Germany’s Federal Cartel Office on Tuesday launched two proceedings against Google and its parent company, Alphabet, under a new amendment to competition law that went into force in January.
If the companies are deemed to have “paramount significance” across markets, the cartel office is now empowered to prohibit certain of their activities seen as stifling competition.
The 10th amendment of Germany’s Act against Restraints of Competition (GWB) allows regulators to scrutinize Amazon and other “large digital companies” — reflecting EU policy to curb and tax internet giants.
What do the proceedings involve?
In a statement on its website, the authority said the first proceeding would aim to determine whether Google met the criteria for such “paramount significance.”
The second, it said, would analyze Google’s data-processing terms to see whether they constituted an anti-competitive practice.
The president of the cartel office, Andreas Mundt, said in the statement that Google’s large number of digital services — including its search engine, YouTube, Google Maps, the Android operating system and the Chrome browser — meant it did have a dominating position across markets.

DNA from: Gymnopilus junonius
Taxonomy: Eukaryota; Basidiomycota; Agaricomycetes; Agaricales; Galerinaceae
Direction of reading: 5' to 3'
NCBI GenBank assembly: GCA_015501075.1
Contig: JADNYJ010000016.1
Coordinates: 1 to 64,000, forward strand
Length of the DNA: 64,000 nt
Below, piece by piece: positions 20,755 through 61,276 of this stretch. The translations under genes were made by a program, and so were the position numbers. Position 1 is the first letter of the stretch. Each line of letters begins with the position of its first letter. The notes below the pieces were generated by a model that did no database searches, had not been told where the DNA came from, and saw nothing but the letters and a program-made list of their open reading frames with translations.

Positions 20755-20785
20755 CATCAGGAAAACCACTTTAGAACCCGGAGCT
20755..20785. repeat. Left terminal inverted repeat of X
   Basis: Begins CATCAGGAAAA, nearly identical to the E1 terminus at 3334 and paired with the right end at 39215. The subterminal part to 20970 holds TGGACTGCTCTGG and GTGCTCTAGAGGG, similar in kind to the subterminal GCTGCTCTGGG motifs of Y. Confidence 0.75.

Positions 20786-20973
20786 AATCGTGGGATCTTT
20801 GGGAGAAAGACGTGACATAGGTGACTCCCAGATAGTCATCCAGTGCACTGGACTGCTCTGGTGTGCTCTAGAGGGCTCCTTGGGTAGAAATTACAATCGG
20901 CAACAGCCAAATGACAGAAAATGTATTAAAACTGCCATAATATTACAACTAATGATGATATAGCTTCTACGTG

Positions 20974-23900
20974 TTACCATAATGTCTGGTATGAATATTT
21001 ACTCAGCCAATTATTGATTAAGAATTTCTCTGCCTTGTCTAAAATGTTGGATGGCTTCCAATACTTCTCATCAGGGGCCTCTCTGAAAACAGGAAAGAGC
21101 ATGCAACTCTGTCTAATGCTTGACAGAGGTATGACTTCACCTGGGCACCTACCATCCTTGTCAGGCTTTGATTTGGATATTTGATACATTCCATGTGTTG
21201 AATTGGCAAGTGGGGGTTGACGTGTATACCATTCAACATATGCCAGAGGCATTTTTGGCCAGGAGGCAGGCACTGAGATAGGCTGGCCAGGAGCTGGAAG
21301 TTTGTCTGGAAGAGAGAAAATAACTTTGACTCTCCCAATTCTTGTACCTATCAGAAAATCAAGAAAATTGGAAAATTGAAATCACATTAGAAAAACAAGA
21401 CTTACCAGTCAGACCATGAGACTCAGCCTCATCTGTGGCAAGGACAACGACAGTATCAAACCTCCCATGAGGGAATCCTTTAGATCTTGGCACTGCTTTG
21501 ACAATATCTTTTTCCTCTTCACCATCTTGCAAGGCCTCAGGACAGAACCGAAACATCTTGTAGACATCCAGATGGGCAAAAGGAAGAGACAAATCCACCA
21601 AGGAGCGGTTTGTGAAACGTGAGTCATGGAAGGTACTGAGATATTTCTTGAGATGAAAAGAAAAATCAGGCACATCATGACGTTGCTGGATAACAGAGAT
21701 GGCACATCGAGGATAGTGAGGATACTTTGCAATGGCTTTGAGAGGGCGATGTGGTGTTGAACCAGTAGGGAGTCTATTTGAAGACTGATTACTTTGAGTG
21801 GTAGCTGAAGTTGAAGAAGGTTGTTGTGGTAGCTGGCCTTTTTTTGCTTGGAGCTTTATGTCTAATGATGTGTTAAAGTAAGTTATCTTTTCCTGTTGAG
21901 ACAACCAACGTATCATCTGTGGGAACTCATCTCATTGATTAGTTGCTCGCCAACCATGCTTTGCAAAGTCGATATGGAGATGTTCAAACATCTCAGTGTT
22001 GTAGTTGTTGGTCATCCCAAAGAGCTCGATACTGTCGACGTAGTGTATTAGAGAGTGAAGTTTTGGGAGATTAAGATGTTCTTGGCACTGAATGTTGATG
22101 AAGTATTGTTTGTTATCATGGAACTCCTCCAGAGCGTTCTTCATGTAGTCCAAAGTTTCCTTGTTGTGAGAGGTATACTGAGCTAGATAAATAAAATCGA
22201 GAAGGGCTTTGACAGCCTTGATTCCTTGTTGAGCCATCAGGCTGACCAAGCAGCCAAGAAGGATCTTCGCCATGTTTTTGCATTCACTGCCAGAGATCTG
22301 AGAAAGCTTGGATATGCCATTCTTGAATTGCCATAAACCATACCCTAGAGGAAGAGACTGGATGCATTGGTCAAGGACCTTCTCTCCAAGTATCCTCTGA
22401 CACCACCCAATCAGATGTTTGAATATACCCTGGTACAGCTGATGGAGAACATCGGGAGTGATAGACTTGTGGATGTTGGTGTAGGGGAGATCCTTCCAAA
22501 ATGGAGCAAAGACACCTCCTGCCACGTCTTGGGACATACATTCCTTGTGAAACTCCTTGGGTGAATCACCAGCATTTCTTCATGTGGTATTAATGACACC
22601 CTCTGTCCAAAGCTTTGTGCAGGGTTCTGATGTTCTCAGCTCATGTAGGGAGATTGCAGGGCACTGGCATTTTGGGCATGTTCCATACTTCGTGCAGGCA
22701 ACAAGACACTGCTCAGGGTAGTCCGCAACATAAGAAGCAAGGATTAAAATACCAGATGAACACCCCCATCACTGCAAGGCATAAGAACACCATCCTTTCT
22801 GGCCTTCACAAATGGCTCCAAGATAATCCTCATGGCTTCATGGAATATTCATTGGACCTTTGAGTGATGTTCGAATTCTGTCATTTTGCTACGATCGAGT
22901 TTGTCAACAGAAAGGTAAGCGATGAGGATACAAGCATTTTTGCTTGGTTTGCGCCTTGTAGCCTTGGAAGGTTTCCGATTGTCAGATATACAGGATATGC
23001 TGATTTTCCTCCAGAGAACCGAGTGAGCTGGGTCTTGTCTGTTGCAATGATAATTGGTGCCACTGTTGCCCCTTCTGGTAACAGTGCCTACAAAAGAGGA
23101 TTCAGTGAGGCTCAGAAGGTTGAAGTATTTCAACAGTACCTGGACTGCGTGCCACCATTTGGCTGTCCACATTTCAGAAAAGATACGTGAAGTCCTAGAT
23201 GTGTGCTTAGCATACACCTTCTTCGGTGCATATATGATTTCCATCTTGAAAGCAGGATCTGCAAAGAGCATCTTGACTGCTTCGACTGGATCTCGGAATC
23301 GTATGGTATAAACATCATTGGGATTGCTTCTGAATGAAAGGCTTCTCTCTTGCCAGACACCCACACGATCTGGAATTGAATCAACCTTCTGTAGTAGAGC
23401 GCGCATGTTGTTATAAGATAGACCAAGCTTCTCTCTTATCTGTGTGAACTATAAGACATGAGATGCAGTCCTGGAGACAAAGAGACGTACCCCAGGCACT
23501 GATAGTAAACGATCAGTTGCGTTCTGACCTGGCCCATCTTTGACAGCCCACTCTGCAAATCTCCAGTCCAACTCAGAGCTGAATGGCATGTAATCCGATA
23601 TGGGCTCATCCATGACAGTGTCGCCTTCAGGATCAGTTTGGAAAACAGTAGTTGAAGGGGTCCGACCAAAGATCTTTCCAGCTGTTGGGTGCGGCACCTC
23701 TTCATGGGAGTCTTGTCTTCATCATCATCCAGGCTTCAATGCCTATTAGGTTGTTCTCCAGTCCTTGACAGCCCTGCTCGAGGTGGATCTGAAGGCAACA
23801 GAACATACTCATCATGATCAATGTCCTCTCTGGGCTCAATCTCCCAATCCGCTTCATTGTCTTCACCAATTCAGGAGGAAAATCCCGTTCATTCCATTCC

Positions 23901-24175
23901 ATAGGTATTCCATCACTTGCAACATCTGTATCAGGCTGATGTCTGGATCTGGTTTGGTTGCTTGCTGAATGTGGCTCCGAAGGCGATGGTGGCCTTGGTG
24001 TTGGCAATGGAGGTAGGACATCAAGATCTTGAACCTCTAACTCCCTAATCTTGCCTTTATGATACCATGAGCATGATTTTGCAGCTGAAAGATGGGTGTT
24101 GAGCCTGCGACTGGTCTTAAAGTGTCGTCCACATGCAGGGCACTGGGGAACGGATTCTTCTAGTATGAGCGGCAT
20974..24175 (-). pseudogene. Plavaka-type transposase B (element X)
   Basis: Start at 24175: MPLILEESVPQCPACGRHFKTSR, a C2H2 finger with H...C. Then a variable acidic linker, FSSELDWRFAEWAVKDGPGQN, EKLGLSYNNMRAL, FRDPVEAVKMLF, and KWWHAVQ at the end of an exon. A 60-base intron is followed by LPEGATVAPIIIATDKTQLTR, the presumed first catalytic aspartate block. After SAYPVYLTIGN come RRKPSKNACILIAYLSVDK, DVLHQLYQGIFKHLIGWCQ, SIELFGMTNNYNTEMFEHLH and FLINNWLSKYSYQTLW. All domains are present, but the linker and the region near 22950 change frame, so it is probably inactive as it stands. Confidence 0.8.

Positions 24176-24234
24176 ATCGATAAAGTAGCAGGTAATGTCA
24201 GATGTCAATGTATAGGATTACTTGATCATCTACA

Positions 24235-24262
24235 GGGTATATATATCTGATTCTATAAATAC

He also said that its business model was largely based on processing user-related data.
“Due to its established access to data relevant for competition, Google enjoys a strategic advantage,” he said.
“A key question in this context is whether consumers wishing to use Google’s services have sufficient choice as to how Google will use their data.”
The authority has already launched investigations against two other Big Tech firms, Facebook and Amazon, under the new amendment.